On the bright side, the offense continues to produce at high levels, and Saturday brought its most consistent effort of the young season.
In the first two weeks, Nebraska was as likely to go three-and-out as it was to score a 50-yard touchdown, and it did a lot of both. Quarterback Taylor Martinez had accounted for nearly 80 percent of the total yards.
Offensive coordinator Tim Beck used a more varied attack on Saturday, especially in the second half. Instead of just counting on Martinez to break one, the Huskers got key contributions from running backs Rex Burkhead (121 yards and two touchdowns), Braylon Heard (34 yards) and Aaron Green (36 yards in the fourth quarter). Green, a freshman listed fourth on the depth chart, had only two carries before Saturday.
"We're trying to take some of the load off Taylor," said fullback Tyler Legate, who had his own 37-yard run as well as a touchdown catch. "We have enough playmakers that he doesn't have to be the one."
The offensive line, which featured three former walk-ons in the starting lineup, helped establish a much-needed power running game in the second half. Beck said he kept calling the same run with Burkhead in the fourth quarter over and over again, because Washington couldn't stop it.
"I thought it was a good mix," Pelini said of the offense. "There was physicality. We ran the ball at them, we threw the ball, we kept them off-balance. If we execute like that, it's pretty hard to defend us."
Martinez continues to be hard to defend. He threw for 155 yards and ran for 83 against the Huskies, with three total touchdowns. Maybe most importantly, he didn't turn the ball over. Beck said he puts a lot on Martinez's shoulders, expecting the sophomore to change the cadence and tempo and read defenses at the line of scrimmage without help from the sidelines.
"He's done a fantastic job running our offense," Beck said. "I just think the media's been critical of him."
The defense is probably in for much more critiquing this week, especially from the demanding Pelini. But Pelini had mostly praise for his team after Saturday's win.
"We're nowhere close in any respect, in any phase of our game, of where we need to be to be a championship football team," he said. "But I think we're making progress."
Just maybe not the type of progress anybody expected.
Here are Crick's thoughts on Week 1, the depth of the Huskers' defensive line and what to expect Saturday night against Fresno State.
How did you feel about the defense's performance in the opener?
Are you ever worried to watch the film, even after a win?
JC: You're not worried, but you're always critical. You're always looking for the finer details, even if it's the littlest thing because sometimes that's what wins and loses games. You're very critical of yourself, you're very critical of your teammates. We played a good game. We only allowed seven points and that came on a bust on our part. But knowing the exact precise things we need to work on going into this next Saturday, it's very positive for us. It's a great feeling.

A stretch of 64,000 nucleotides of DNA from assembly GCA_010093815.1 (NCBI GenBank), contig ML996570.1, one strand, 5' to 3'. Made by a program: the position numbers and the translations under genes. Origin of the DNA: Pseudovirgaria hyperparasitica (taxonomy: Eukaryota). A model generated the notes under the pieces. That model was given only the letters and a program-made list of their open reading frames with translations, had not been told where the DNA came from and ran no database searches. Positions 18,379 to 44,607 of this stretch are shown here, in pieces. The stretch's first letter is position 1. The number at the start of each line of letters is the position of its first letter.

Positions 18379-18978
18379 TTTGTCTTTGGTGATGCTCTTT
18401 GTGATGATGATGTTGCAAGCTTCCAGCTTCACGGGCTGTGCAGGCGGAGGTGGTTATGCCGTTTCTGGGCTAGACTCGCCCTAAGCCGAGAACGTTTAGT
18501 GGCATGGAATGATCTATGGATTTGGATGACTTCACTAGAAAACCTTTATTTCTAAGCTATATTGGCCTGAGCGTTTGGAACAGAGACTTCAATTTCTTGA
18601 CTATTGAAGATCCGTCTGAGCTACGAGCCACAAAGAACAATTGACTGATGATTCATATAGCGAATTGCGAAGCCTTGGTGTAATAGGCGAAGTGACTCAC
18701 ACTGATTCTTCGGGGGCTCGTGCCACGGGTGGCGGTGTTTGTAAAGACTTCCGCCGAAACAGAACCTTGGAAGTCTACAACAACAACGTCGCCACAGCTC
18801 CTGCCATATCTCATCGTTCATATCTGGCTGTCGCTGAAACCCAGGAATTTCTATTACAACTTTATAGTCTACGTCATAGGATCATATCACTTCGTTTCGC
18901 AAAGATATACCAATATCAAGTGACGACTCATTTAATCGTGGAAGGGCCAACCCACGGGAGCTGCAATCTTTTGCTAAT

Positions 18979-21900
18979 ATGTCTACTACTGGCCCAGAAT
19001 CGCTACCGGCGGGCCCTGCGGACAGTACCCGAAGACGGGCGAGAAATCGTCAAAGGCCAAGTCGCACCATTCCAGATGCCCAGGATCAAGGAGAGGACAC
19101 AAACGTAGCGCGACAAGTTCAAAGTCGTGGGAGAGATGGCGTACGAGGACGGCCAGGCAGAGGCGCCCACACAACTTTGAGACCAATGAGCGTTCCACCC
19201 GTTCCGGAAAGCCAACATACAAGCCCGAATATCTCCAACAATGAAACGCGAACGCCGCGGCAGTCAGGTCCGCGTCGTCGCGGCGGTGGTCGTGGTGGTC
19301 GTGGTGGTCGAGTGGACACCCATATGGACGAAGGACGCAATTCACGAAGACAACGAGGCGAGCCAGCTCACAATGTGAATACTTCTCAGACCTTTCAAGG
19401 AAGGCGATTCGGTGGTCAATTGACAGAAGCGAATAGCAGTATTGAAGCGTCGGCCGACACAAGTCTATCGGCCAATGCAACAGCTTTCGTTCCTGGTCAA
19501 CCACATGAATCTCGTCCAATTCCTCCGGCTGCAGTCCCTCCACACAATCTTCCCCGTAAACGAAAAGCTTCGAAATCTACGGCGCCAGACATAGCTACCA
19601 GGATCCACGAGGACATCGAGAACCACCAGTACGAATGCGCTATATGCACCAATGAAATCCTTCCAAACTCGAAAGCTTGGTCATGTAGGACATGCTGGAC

How much help will you have up front from guys like Cam [Meredith]?
JC: It was good, but we expect that of Cam. Now that Cam's healthy, he's got a year of experience under his belt and he did that all through fall camp, he made plays. So we expected that from him. But it was definitely nice to see him come out Saturday and just have fun. Last year, at times he worried a little too much about his responsibility instead of just relaxing and letting the game come to him. That's exactly what he did Saturday and he did a great job for us.
Did you expect him to score on the interception?
JC: I would have liked him to, but I'm just glad we got the turnover inside the 5. We always want to score as defensive linemen because we don't get that opportunity too much, but it was special enough that he got the pick.
Who else stood out to you along the defensive line?
JC: [Jason] Ankrah played well for us, his first start. This was really the cornerstone of his career of seeing how good he can really be, going against some different competition finally. This is only going to build his confidence throughout this year, and I expect big things from him. And also the new guys who played, Joe Carter, Eric Martin, Chase Rome. I saw a lot of good things out of T-Mo, Terrence Moore. I feel good knowing where we're at as a defensive line right now.
Did you feel Jason was coming on strong in camp? When did he turn the corner?
JC: Last spring he started to really come around. We asked him to gain a lot of weight. He came in at 240 and I think he's now up to 265, so he had to adjust to that weight change. He's playing a lot more physical. We saw it through this spring and he's progressed through the summer, into fall camp and definitely into the game. He's got to keep progressing.
You've only played one game, but do you have a sense of how offensive lines are going to approach you this year?